GSM-intercom trigger (click here to enlarge)

How it all started

It all started after a night out back in March 2009. I'd been out for a few post-work drinks and got a taxi home. When I tried to pay the driver, he asked if I had anything smaller than the awkward 50 euro note I was offering. I remembered that I had some smaller notes inside my apartment so I ran in to get them. I returned, paid the driver and turned to head back in to my apartment. It was then that I realised I'd left my keys inside and was locked out of the building.

I was less than absolutely delighted at this development as it was 2am on a Tuesday evening/Wednesday morning and I had to be up for work at ~7am. However getting annoyed wasn't going to help so I decided to try waiting for someone else to enter/exit the building. In those silent minutes it occurred to me how useful it would be if I had a remote control for my apartment's intercom. The intercom can open the building door at the press of a switch. There was nothing I could do at the time but I liked the idea and decided that I'd look into it the next day. I thought it might be worth writing a little about where these thoughts eventually lead me.

A GSM based remote control

I decided that a mobile phone controlled remote control would be the best option. This would have the advantage that I would not need to carry round any new hardware: I'd just need to have my phone with me. Also by using the GSM network I would be able to let people into the building even if I was not there.

A disclaimer

The above plan was all very well but the trouble was that the only electronics I knew was the little I remembered from my school days (over 10 years ago now). When I started this project I just knew what voltage, current, resistors and capacitors were and I had a vague understanding of diodes and transistors. That was it so please bear this in mind if I seem to have done any silly stuff below!

How the intercom works

The intercom in my hall

The same intercom with the front cover removed

From the user's point of view, the intercom has three components:

In theory, for this project I should just be interested in the switch but I found that the switch will not cause the door to open unless the speaker has been rung in the last minute or so. This means that for the remote control to work, the user has to ring my apartment on the building intercom system and then send a message via the GSM network to cause the switch to be pressed.

Version 1

There ended up being two versions of this project. I'll talk in more detail about the second, current (final?) version below but there are a few details that were unique to version 1 which I think are worth mentioning. I'll just sketch things here.

I was very keen that whatever hardware I ended up adding to my intercom would not alter the look of the hall in my apartment. I thus decided that anything I was going to use would have to fit inside the intercom enclosure. Also, after a few tests I discovered that only a few milliwatts of power were available in the circuits powering the intercom so whatever I was going to add there would almost certainly have to be battery powered. I wasn't so keen on using batteries until I had the idea that since the speaker for the intercom has to be rung anyway for the switch to work, if I could have a device which was off (and so drawing no current from the batteries) except for a short period after the speaker was rung then I could expect acceptable battery life. Furthermore I had the idea that I could put a small low power short range RF tranceiver in the intercom which would receive commands from a GSM module elsewhere in my apartment. This way the GSM module could be plugged in and always on and very little power would be needed in the intercom, plus it's easy to get very small RF transceivers that would easily fit inside the intercom enclosure. I decided on this as a solution and bought the following items (amongst others) from Sparkfun:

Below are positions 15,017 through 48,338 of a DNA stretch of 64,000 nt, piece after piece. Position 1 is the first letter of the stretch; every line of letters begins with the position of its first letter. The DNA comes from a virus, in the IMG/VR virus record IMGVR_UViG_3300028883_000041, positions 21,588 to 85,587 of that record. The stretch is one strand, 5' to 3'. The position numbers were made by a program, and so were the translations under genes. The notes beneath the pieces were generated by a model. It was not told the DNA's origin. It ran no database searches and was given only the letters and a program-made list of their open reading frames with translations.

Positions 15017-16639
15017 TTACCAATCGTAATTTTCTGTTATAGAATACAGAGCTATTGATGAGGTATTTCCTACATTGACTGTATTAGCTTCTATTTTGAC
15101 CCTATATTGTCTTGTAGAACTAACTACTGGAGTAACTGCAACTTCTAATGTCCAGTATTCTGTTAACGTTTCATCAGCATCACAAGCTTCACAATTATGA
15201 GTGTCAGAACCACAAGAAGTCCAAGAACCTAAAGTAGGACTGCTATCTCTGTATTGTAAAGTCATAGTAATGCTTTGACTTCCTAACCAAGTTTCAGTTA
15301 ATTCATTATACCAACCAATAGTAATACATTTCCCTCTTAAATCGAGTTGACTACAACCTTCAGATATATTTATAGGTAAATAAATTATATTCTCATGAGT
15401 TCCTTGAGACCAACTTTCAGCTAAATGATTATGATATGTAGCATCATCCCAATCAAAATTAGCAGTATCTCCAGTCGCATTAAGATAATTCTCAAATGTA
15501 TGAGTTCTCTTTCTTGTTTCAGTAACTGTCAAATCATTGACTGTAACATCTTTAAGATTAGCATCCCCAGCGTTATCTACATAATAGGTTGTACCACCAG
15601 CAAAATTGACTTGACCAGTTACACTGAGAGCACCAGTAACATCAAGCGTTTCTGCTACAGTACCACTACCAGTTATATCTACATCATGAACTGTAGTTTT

The GM862 GPS module is superb. My favourite feature of it is that it has a python interpreter on it! You can write simple python programs on your PC, upload them to the module and then have them control the module. This obviates the need for another microcontroller telling the GM862 module what to do. It is easy to send and receive text messages and phone calls. The built in GPS module (though of no use to me in this project) is also very easy to use and although I have not yet done it, I believe it is easy to open GPRS connections using the module. The module also has a host of useful GPIO pins which are very useful and a serial port (it has many other features too!).

The XBee modules are also great (though Maxstream's decision to remove IO line passing in the XBee series 2 modules is disappointing). They have two modes: transparent where they pair up and behave like a wire-less serial connection and API mode where the user communicates with the modules via their serial ports and can send simple packets back and forth between the modules to determine and set their state, including reading and writing values on their IO pins.

I used the XBees in API mode for this version of the project. I connected an opto-isolator up to one of the digital IO pins on the XBee module in the intercom so that I could trigger the switch for the intercom using the XBee. (In fact I discovered that I needed to use a Darlington coupled opto-isolator for enough current to trigger the intercom switch.)